Popularized in films like Limitless, legal smart drugs called Nootropics are becoming more and more prevalent in board rooms and on Wall Street.Keep reading »
Much has been made of the supposed falling out between President Obama and Wall Street since he was elected. What started out as beautiful bromance quickly appeared to devolve into public insults and both sides saying stuff like “he never mattered that much to me,” when you know such was not the case. Many have wondered if the anti-business rhetoric will drive the executives into the arms of another man. Apparently the answer is no. While some wounds are still open and there’s a lot of work that needs to be done in order for everyone to trust each other with his heart, it’s at least looking like they still want to be together.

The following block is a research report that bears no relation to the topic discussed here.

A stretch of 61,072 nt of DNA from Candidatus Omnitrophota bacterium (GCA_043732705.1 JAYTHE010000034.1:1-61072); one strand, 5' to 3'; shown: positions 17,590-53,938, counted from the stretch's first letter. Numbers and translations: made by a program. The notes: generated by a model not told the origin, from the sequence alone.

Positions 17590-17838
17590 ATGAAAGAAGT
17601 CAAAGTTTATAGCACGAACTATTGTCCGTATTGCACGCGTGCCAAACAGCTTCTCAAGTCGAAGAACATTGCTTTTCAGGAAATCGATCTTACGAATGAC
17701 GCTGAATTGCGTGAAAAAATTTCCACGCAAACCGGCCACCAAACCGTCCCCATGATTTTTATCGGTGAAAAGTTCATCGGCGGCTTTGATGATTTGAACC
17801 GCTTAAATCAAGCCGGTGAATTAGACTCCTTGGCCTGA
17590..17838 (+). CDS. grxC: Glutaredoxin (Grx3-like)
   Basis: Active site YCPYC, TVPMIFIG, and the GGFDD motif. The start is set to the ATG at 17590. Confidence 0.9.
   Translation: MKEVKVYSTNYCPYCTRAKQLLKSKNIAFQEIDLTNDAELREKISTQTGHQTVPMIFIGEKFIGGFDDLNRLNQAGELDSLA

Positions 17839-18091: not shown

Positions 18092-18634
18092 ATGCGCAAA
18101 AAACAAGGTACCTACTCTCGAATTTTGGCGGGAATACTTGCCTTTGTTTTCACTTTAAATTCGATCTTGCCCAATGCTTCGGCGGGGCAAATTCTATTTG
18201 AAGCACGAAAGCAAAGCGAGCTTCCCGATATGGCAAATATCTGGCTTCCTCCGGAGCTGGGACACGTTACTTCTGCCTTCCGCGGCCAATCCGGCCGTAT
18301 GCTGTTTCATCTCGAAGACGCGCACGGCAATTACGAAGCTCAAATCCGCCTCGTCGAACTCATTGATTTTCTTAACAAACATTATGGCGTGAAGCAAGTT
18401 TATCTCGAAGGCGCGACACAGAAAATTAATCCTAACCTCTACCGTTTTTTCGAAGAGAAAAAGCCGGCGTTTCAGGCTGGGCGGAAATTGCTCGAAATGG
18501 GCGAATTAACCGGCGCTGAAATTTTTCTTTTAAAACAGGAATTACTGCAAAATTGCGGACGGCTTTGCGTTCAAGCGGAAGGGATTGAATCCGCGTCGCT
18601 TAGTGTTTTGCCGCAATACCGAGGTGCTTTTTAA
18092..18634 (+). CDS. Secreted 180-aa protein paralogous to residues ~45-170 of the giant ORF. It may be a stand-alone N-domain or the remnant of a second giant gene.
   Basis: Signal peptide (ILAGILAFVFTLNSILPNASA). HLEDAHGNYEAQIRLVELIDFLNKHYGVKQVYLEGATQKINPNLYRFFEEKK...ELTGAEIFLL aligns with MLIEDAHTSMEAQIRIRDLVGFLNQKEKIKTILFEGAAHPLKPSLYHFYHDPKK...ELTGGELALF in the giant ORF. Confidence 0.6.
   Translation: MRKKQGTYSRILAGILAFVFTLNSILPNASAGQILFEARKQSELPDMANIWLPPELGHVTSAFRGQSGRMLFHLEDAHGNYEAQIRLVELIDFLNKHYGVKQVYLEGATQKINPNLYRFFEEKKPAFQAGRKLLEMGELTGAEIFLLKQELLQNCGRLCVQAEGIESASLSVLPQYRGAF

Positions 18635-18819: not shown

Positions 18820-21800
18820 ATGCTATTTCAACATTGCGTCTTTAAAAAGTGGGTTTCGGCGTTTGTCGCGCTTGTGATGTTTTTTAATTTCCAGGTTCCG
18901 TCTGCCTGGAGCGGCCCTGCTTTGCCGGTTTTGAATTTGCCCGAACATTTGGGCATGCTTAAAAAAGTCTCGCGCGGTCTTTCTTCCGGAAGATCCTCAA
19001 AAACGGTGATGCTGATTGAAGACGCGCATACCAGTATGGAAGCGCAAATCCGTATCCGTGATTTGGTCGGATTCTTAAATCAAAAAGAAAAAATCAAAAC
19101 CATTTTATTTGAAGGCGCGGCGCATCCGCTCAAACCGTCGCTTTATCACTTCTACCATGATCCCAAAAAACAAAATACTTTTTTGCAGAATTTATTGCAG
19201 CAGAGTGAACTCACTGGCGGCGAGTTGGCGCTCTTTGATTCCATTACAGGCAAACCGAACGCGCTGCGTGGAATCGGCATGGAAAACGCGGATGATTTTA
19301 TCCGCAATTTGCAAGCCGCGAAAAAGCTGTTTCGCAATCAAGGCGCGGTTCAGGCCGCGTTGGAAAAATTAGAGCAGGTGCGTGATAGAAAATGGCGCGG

For all the money that banks are steering to the GOP this midterm election, once tomorrow’s vote is over we can expect them to kiss and make up with the president who’s brought them billions in profits while the rest of the country has continued to struggle…The occasional dressing-down notwithstanding, the president and his administration are still seen by many on Wall Street (and Main Street) as being on the side of Wall Street. Or as one senior J.P. Morgan executive told me recently under condition of anonymity: “We may be pissed at Obama, but when it comes down to it, he was pretty good for our business.”
We’re not back to chest bumps in the Oval Office yet, but we’re getting there.